Taylor Raynor, 34, from Uniondale, challenged incumbent Earlene Hooper, 79, from Hempstead, in the 18th State Assembly District’s Democratic Primary, and won. Hooper has represented the district, which encompasses Freeport, a section of Merrick and Baldwin, since 1988 and served as deputy Assembly speaker.
“This community is going to have an even louder voice,” Raynor said the morning after the Sept. 13 primary, at her campaign headquarters on East Merrick Road in Freeport, “Because I am there.”
Surrounded by her campaign staff, family and friends, Raynor celebrated in Freeport after the primary at Hudson’s on the Mile, and then again Friday morning. Now she will prepare for the November election. Her priorities, she said, are to focus on education, affordable housing and community beautification in Hempstead, Uniondale and Freeport. She also plans to establish transparency throughout the district.
One of her biggest concerns is ensuring that members of the community are aware that she will be easily accessible to anyone who wants to contact her. After 30 years of an absent assemblywoman, according to Raynor, she wants to earn her district’s trust and said she has no problem giving out her personal cell number to anyone who asks for it. Raynor also attributed Freeport voters for possibly being the reason she won the primary.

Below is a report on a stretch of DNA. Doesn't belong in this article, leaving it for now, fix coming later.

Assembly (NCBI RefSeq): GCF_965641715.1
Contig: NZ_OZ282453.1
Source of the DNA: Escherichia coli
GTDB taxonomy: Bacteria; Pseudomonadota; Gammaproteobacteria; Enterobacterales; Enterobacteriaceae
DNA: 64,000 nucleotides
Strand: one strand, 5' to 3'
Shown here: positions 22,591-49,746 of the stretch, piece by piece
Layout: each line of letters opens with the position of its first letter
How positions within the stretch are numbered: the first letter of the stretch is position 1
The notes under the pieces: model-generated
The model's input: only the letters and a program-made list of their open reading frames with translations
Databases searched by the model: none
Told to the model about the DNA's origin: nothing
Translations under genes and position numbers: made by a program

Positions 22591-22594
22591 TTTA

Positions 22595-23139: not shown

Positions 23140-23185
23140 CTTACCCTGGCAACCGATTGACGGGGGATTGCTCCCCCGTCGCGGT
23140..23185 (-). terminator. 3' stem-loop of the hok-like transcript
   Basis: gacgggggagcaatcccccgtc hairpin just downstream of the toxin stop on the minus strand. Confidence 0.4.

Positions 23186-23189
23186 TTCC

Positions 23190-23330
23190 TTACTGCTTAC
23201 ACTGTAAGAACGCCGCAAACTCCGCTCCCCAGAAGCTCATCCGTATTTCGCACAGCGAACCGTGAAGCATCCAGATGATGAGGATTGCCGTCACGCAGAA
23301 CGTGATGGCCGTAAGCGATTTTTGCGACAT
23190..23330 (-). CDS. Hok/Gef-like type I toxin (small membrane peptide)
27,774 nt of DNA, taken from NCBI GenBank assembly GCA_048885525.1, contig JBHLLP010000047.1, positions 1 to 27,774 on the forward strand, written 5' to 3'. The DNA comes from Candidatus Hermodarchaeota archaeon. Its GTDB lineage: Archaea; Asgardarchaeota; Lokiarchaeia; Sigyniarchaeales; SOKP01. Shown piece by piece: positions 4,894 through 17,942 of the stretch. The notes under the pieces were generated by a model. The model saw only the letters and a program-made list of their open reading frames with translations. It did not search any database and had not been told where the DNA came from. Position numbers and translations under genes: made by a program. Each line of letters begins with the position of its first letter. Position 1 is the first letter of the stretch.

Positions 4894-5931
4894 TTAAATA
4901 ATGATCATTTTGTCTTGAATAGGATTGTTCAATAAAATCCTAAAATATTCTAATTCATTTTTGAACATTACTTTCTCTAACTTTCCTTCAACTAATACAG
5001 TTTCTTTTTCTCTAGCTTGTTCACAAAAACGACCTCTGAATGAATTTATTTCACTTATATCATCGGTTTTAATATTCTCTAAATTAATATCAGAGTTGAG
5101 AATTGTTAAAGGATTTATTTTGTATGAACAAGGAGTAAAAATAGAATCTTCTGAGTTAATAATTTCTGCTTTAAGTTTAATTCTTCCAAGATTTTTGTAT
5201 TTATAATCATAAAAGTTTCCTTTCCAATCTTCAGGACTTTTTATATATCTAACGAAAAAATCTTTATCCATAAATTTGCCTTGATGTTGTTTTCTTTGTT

“I love Freeport,” Raynor said. “Freeport feels like a real community; everyone here is together, and they want to work together. The support that I received from Freeport, I felt that was [how I won] the race, honestly.”
Hooper has faced criticism for years over her use of taxpayer money for expenses, time spent in Albany rather than her district and inaccessibility to constituents. This summer, following the release of a video in which Hooper used racially charged language and referred to the county Democratic Party as a “plantation,” Nassau Democrats chose to support Raynor’s campaign.
“Based on her racist tirade and lack of apology, I have no choice but to back her opponent,” Chairman Jay Jacobs told Newsday. “The county organization has discussed it, and we will be backing Taylor Raynor … and give her the financial backing she needs.”
“The fact that the people have chosen me to handle the work, it’s beautiful,” Raynor said. “I feel chosen. I feel special. And I feel like I definitely need to keep my energy up because we have a lot of work to do. I am willing to collaborate with anyone who wants to ensure that District 18 rises to the excellent status that it deserves.”